Whether it is the smell of burning rubber in the air, the anticipation of waiting as a cool car drives by or spending countless hours preparing a car for the show, most everyone has their own ideas of what the car culture is, was and will be. To many though, the car culture culminates with their car club.
Car clubs have been around for as long as humans have been making cars go fast. Ever since D.R. Noonan was grinding special camshafts for Ford vehicles, kids in Paris have had their own car cliques and clubs. At one time, anyone who believed they had a cool ride or a hot car was associated with a car club.
Clubs met on a regular basis to do many things. Members helped each other tinker on their cars, cruise or just hang out for the comradery. Once a person was in a car club, they were always accepted. Paris was no different.
With car clubs thriving all over the Wabash Valley, a few guys got together to form one of the legendary clubs that is still talked about today.
Mark Dunlap, Dennis Dunlap, Steve Vice, Jerry Lawson, Roger Faulk and Ron Lobb paved the way for the people of the car world today.
Those car guys — to name a few — came together to organize the Hazzard Brothers Car Club. This was not a normal club as these guys quickly showed in the car club world a good club becomes family.
The Hazzard Brothers Car Club was nationally known by the National Hot Rod Association and locally well known as it operated the CMW Dragway in Paris during its last three years of existence.
The Hazzard Brothers group is now only a memory but many other clubs have been created in its place.
There are the Wabash Valley Rodders, The River Rat Rodders, The Junkyard Dogs and the Twisters car clubs to name only a few at a regional level. Since the Hazzard Brothers demise, local Paris area car clubs have been scarce with only the active Twin Lakes Cruisers and The Lazy Rodders.
Three local car enthusiasts recognized the decline in the car scene and decided it was time to return it to its former glory. The three friends heard the stories of cruising the circuit through town and cars racing streetlight to streetlight. They have been told about cruising into the drive-in with your girl by your side. They thought why should they be just stories told generation to generation? There is no reason it can not still be the same today.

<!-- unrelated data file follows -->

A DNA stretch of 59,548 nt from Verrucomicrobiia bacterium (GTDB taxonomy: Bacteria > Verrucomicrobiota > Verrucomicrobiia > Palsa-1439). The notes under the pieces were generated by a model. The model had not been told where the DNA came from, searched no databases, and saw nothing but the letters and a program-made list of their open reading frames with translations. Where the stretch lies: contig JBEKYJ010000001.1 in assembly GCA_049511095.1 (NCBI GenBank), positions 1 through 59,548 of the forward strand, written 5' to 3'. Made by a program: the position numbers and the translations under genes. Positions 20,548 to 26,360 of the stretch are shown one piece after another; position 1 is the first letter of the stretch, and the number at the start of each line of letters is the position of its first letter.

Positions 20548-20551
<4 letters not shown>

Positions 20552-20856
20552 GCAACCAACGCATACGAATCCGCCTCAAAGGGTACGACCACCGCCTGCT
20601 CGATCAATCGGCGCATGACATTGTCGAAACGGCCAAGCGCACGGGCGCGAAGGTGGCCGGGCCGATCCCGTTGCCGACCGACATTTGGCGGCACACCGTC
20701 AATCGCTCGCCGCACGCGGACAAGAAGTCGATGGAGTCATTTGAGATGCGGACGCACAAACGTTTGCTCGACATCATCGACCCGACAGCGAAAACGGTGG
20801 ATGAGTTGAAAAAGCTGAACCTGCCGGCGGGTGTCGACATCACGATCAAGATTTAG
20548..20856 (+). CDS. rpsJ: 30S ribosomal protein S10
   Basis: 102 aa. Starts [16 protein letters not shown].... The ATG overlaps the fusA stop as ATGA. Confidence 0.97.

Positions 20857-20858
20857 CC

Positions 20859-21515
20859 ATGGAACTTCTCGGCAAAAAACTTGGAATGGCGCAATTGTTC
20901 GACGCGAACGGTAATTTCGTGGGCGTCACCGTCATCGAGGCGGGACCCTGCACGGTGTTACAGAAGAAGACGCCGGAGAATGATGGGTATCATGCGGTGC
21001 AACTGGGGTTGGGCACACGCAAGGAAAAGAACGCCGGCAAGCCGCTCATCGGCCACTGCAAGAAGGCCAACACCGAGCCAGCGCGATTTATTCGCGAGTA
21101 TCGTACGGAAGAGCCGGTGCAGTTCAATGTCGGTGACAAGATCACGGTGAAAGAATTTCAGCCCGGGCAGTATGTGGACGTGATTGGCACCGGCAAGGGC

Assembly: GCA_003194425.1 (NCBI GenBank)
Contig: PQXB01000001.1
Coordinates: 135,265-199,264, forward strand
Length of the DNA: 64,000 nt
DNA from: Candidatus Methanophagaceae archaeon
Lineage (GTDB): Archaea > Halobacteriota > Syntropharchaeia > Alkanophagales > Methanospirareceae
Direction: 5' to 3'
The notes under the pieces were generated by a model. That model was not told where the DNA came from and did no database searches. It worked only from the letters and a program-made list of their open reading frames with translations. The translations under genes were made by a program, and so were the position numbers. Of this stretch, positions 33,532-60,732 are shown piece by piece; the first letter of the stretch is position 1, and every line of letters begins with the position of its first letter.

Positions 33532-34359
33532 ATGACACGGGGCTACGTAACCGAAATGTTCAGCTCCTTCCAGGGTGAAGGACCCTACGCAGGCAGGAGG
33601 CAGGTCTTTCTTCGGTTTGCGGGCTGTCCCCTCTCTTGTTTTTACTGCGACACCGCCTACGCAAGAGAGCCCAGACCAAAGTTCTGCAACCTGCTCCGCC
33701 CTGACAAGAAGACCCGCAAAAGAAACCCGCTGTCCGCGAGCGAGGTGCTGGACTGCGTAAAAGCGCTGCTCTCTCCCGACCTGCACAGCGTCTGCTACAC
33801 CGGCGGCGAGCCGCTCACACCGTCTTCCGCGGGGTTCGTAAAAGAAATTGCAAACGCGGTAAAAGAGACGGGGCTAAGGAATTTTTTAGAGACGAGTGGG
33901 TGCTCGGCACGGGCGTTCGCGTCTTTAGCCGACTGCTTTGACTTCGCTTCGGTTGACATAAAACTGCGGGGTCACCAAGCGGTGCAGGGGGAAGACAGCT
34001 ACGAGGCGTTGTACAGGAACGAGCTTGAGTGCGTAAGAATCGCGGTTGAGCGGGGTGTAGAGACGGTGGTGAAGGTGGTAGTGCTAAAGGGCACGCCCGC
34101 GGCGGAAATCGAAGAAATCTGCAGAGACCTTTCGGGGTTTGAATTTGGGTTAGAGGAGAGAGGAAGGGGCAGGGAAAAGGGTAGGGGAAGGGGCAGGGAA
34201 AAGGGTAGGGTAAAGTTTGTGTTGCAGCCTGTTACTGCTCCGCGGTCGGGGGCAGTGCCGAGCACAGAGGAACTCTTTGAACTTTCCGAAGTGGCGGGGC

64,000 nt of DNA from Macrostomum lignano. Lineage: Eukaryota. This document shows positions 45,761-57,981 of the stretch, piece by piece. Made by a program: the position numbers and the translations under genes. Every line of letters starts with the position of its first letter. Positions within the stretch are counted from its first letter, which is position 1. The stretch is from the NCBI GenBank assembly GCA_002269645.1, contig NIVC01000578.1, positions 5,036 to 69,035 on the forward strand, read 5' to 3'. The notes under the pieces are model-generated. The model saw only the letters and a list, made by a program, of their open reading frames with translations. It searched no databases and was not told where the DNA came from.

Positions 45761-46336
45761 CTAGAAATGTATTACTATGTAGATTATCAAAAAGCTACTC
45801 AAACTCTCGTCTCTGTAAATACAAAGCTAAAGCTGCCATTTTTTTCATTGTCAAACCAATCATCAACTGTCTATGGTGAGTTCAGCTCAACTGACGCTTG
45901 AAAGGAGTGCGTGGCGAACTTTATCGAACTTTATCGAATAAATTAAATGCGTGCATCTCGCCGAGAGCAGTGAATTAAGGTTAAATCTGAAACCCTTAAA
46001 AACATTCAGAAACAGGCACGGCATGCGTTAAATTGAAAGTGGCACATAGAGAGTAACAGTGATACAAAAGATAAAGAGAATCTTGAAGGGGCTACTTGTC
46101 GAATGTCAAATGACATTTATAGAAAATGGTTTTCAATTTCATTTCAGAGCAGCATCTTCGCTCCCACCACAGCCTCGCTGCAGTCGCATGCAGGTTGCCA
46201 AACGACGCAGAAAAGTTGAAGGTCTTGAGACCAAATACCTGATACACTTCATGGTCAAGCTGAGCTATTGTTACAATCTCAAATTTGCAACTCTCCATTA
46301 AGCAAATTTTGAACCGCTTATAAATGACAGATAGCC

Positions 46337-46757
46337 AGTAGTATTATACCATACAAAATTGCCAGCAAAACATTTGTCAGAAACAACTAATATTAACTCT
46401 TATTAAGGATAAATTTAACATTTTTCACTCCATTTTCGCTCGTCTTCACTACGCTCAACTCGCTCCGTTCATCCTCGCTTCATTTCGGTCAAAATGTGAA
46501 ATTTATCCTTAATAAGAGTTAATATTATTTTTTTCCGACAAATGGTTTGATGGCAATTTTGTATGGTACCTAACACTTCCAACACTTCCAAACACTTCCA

One night Shawn Bell, Omer Lenhart and Daniel Briseno sat down in Bell’s shop and put together the East Side Motor Club. This club is open to any one who is a car enthusiast. It does not matter what kind of car a person drives, because they believe the car culture has no barriers.
The East Side Motor Club is a not for profit club that has no fees to join and meetings are not formal. The casual atmosphere of meetings tends to be less stressful and more like pulling into a friend’s drive for a cookout.
The club has already done some great things for the community with a cruise-in and car show Oct. 20, 2108, sponsored by Bell and Bell Demolition. The show was a great success with more than 50 entries. It was a benefit for the Hopes and Dreams program to help homeless students at Paris High School. More than $600 was raised for the group.
With the 2019 car show season getting started, the East Side Motor Club is hosting a Spring Fling Cruise-In and Car Show from1-5 p.m. Sunday, May 19, at R.P. Lumber on Jasper Street, Paris.
Cars have created an unbreakable bond between the founders which they hope to expand with others in the community through the love of cars for many years to come.
“Not everyone drives a pristine show car. That is not what it is about,” said Lenhart. “It is about the love for whatever car you like.”
Bell and Briseno agreed.
“In the end, it is not about the stories told by the cars but the stories you made with them,” Bell said.